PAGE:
Yoga is a very popular and safe type of exercise. Many people think of yoga as just a good way to relieve stress and tension, but it can also help reduce back pain and maintain a healthy spine. Yoga poses, called asanas, are important because they help stretch and strengthen the back muscles.
Although there is more to yoga than just postures – breathing control and meditation are just as important as poses in yoga – this article highlights the benefits of doing yoga poses, including How to prevent back pain.
Couples meditating in yoga poses
This article highlights the benefits of doing yoga poses and types, including how they can help prevent back pain.
The purpose of the yoga position
The purpose of a yoga pose is not to bend your body and force it into certain positions – which can actually cause back pain. Instead, yoga teaches you proper alignment, such as how to maintain good posture. You can also be more flexible and maintain your balance. Can be better
When you do yoga poses – you can stand, sit, and lie down – you should feel comfortable in them. But before moving on to more modern poses, you need to follow the simpler version of the concept.
Think about it: If you had never trained for a marathon before, you wouldn’t force your body to run just 26.2 miles, would you? If your body is not ready then why do you want to force your body to some special yoga position?
Yoga causes back pain
Even the simple poses of yoga described below can help you reap the benefits of yoga. However, if you imagine this and you do it several times a day, this is how to maintain a healthy spine. Talk to your family doctor before incorporating these yoga poses into your routine.
Start with four squares on your hands and knees. Your hands and arms should be at shoulder distance and your knees at hip distance.
Inhale, and then as you exhale, slowly start pulling your navel towards your spine and gently tapping your tail bone.
As soon as you breathe again, repeat the pose. Be sure to connect your breath to your movements.
Repeat the cat/cow 5 to 10 times a day.
A woman standing in a yoga cat
Yoga Cat Pose Photo Source: 123RF.com.
Forward fold stands
Start in a standing position with your hips apart.
When you breathe in, lift both arms outwards and then up so that they are above your head. The palms should face each other but not touch.
When you exhale, slowly begin to bend at the waist, and slowly lower your arms to the ground if your hands can reach it. If not, put your hands on your legs.
Let your head fall, and let your neck rest. Look at your breath suffix: Your breath should be steady and smooth. Hold this pose for 5 breaths.
To get out of the pose, bend your knees slightly. Place your hands on your hips, and slowly begin to come up, through the vertebrae. Let your head come last.
Repeat standing 3 to 5 times a day.
Start lying on your back with your feet flat on the floor and knees bent. Your feet should be at hip-distance apart.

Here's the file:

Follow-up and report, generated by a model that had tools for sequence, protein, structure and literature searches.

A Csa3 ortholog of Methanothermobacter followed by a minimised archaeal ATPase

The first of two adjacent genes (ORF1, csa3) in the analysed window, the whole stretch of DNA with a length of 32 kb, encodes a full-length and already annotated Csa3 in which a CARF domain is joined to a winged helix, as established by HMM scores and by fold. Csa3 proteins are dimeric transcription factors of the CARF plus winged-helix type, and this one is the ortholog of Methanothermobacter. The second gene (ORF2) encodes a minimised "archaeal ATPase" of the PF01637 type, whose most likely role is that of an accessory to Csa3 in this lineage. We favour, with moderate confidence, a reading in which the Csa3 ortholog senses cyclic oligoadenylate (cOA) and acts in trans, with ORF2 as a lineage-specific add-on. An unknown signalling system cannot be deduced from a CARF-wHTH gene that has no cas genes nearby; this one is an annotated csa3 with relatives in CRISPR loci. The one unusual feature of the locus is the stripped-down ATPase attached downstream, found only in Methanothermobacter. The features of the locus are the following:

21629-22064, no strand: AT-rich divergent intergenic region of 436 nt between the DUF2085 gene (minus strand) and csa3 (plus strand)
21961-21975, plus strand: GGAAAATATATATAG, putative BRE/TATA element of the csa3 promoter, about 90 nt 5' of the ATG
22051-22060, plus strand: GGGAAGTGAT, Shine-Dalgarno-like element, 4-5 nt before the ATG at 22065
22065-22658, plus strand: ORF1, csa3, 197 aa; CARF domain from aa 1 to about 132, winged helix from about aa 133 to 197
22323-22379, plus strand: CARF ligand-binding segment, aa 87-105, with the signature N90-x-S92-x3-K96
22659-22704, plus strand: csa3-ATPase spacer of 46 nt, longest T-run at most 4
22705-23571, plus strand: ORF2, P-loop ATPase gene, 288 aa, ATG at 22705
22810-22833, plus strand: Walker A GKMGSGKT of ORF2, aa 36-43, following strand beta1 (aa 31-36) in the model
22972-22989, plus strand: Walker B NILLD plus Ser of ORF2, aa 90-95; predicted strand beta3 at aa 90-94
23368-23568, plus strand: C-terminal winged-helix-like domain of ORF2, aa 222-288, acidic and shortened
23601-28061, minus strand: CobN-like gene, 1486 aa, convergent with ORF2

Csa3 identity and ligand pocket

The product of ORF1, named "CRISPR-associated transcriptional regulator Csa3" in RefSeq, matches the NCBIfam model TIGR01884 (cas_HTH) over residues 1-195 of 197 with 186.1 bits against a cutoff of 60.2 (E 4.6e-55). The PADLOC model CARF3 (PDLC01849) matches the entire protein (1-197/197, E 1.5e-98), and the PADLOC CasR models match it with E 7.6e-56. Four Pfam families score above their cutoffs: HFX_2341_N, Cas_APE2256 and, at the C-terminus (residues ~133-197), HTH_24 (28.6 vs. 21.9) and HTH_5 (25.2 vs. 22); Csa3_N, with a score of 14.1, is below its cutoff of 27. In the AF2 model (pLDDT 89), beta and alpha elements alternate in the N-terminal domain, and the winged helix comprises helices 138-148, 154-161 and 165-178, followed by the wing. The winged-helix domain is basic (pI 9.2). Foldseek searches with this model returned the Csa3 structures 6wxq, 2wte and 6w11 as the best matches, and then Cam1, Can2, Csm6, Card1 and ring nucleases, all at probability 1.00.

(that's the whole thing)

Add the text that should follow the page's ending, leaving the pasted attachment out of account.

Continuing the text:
Keep your arms straight around your body and your palms on the ground, slowly lift your hips off the floor. Pause for 3 seconds.
Slowly falling down through the vertebrae, down to the floor.
Repeat the pull pose once a day.
A woman demonstrates the yoga bridge suffix
Yoga Tower Photo Source: 123RF.com.
Also, with back pain, your abdominal muscles may weaken, so while it is important to choose yoga poses to strengthen and strengthen your spine length, you can also use contrasting hands and The knees should be balanced, such as a strong abdominal development pose.
Balance of opposing hands and knees
Start with your hands and knees. Without moving anything else, raise your right arm and left leg like your hips. Your hips, right arm, and left leg should be parallel to the floor. Keep the right arm and left leg straight.
Your right hand should face the floor, and your left foot should face the floor. Hold this pose for 3 breaths. Then release Repeat by lifting your left arm and right leg.
Repeat this suffix 3 times a day on both sides.
Other Benefits of Yoga Pose
The yoga suffix can also help you build strength and flexibility, which can ultimately help relieve your back pain. In fact, a study on the effect of Iyengar Yoga (a form of yoga) therapy for chronic low back pain showed that patients should have at least one and a half hours of pain every week after doing Iyengar Yoga. Each week lasts for 16 weeks. 1 day a week for 30 minutes Home Practice 1
Remember that after doing yoga, you may feel a little sore the next day, but this is normal. The pain should go away in a few day’s practice. Yoga poses should never cause discomfort, numbness, or discomfort. If you notice any of these symptoms, stop immediately and call your doctor.
Bring yoga to you
Many yoga classes are given at gyms, yoga studios, and community colleges. There are also many yoga DVDs available – some with detailed pose instructions that can help reduce back pain.
SpineUniverse View Slideshow: 5 Simple Yoga Poses for Back Pain
You can also work with a private yoga instructor. He can give you individual attention and coach you through some yoga poses that can strengthen your back and core strength.
As this is a type of physical activity, talk to your doctor about doing yoga. To get the most out of your back pain, you may need to combine yoga with other back pain treatments such as medication or another form of exercise.